“Taking into account all those aspects, the UN Human Rights Commission said that U.S. government should end those arbitrary detentions; however, the latter responded that that was a ridiculous opinion and it would not recognize it, because it was a manipulation by Cuba. That was in May 2005.

“In August, the three-judge panel overseeing the appeal ruled exactly the same as the Human Rights Commission: that the trial of the Five should be annulled and the sentences overturned for the same reasons put forward by the Working Group.

“However, the three judges went even further, and ratified that the Five had infiltrated Miami-based terrorist organizations, and determined that the presence of those same terrorists in the Court established security concerns for the members of the jury. They came to the conclusion that there should be a retrial.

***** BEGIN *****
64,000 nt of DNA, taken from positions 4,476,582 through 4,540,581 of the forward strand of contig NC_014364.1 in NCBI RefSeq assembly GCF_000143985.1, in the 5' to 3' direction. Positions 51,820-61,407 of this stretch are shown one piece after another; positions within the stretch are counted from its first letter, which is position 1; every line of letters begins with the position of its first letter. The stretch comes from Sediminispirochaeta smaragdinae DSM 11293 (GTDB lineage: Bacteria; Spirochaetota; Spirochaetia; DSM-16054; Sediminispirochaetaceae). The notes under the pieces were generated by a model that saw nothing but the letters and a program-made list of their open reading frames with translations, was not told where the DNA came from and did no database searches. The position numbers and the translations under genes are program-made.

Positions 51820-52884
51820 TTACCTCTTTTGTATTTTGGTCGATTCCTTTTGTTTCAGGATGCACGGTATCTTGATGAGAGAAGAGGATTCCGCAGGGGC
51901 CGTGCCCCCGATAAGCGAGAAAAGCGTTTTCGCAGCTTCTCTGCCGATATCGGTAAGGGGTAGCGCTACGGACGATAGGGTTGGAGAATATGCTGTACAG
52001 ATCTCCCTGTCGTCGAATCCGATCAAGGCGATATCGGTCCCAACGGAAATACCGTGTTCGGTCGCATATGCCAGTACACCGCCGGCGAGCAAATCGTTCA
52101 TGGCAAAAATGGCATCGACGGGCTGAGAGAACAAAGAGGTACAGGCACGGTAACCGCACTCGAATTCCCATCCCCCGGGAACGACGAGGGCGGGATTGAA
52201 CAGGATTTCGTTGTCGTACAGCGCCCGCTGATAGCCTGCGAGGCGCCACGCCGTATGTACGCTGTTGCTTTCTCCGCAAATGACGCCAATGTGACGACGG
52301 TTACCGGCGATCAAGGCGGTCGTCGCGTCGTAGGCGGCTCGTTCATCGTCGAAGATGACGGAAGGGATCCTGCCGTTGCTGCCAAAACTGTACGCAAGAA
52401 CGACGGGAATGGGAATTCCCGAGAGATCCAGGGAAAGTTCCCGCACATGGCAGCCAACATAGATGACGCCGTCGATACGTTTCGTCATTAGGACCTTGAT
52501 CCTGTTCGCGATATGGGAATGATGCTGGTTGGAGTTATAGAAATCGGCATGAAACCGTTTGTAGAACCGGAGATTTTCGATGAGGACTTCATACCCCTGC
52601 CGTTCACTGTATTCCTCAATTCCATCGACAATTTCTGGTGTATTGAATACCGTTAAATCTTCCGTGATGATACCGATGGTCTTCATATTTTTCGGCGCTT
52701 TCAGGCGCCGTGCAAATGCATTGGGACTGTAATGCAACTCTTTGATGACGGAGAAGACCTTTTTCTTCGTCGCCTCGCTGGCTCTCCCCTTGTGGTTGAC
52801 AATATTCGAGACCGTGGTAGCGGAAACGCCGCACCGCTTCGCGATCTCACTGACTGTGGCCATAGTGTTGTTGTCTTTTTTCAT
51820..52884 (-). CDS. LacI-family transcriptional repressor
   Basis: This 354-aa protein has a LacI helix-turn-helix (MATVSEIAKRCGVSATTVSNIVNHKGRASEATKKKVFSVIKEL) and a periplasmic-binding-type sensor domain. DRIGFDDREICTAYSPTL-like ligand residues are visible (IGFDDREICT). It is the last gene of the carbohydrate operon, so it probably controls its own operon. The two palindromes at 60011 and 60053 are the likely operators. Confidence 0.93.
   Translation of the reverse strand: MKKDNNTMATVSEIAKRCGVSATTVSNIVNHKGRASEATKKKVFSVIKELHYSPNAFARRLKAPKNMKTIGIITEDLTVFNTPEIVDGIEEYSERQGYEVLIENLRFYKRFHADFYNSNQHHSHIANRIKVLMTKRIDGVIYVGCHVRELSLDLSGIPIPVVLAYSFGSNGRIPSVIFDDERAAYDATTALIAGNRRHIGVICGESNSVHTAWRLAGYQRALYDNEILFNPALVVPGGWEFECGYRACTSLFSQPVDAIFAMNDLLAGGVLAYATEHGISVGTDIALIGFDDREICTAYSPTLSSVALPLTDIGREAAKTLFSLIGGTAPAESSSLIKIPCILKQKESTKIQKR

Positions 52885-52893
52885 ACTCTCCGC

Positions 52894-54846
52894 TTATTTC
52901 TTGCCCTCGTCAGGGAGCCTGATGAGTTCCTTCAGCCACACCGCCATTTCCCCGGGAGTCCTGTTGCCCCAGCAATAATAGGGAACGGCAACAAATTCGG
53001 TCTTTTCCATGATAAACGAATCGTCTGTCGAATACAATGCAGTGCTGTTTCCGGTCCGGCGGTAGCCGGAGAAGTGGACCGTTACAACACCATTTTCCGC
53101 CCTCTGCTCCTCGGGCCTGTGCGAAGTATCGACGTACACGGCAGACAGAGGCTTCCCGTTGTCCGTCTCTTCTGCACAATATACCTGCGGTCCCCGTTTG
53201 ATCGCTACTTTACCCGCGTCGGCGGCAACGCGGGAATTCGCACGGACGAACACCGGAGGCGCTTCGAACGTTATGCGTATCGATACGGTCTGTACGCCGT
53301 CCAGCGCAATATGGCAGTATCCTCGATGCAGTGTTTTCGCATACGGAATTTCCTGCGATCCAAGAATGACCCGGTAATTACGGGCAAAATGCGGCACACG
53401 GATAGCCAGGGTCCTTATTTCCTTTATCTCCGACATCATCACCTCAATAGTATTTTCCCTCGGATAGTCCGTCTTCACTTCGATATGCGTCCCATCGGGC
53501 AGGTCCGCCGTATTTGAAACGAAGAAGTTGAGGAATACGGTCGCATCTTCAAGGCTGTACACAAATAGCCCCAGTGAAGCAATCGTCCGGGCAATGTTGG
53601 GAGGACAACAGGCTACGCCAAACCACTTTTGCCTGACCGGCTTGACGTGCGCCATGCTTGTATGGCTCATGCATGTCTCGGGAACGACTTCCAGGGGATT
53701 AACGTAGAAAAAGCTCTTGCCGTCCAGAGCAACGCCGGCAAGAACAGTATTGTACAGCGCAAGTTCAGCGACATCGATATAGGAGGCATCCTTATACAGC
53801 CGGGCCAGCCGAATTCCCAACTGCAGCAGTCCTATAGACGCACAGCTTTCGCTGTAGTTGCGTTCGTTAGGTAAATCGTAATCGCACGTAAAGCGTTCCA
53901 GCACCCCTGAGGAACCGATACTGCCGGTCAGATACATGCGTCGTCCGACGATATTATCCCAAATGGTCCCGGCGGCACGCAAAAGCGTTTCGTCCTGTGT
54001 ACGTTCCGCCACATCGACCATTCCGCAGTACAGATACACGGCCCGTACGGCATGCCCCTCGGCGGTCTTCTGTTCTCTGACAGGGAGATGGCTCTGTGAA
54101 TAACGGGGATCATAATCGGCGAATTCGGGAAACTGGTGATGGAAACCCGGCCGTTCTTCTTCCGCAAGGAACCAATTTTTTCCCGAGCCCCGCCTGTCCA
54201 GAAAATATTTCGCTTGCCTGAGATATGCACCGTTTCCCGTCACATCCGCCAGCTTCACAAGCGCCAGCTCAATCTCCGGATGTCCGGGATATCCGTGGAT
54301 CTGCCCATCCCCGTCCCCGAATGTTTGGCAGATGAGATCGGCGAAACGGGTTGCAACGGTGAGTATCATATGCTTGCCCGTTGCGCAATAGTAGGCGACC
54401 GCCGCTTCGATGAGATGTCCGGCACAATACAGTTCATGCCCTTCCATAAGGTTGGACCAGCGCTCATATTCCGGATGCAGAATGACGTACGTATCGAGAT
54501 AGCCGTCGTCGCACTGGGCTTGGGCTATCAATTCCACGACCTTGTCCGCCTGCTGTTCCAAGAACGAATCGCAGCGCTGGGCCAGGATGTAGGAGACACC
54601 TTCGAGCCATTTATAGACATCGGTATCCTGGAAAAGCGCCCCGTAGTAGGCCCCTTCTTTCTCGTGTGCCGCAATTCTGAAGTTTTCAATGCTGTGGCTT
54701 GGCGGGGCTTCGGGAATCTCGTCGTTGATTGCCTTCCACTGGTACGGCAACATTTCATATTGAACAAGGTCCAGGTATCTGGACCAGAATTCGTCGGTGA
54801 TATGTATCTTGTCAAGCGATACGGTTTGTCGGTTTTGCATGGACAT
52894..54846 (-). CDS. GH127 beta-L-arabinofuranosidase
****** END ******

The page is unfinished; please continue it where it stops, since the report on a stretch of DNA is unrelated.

“Apparently, the legal system was telling the other branch of power, the executive, that it had been badly represented in court, and that is where the two merged – legal and executive – because the request was issued by the federal government, from the U.S. Attorney’s office, resorting to an option allowed by law in exceptional cases: for the ruling by the three-judge panel to be reconsidered by a plenum of the 12 judges of the 11th Circuit Court of Appeals in Atlanta. An alliance had been broken; that community in Miami had been betrayed; the legal system had interfered in the alliance, and that was politically unacceptable for the United States administration.”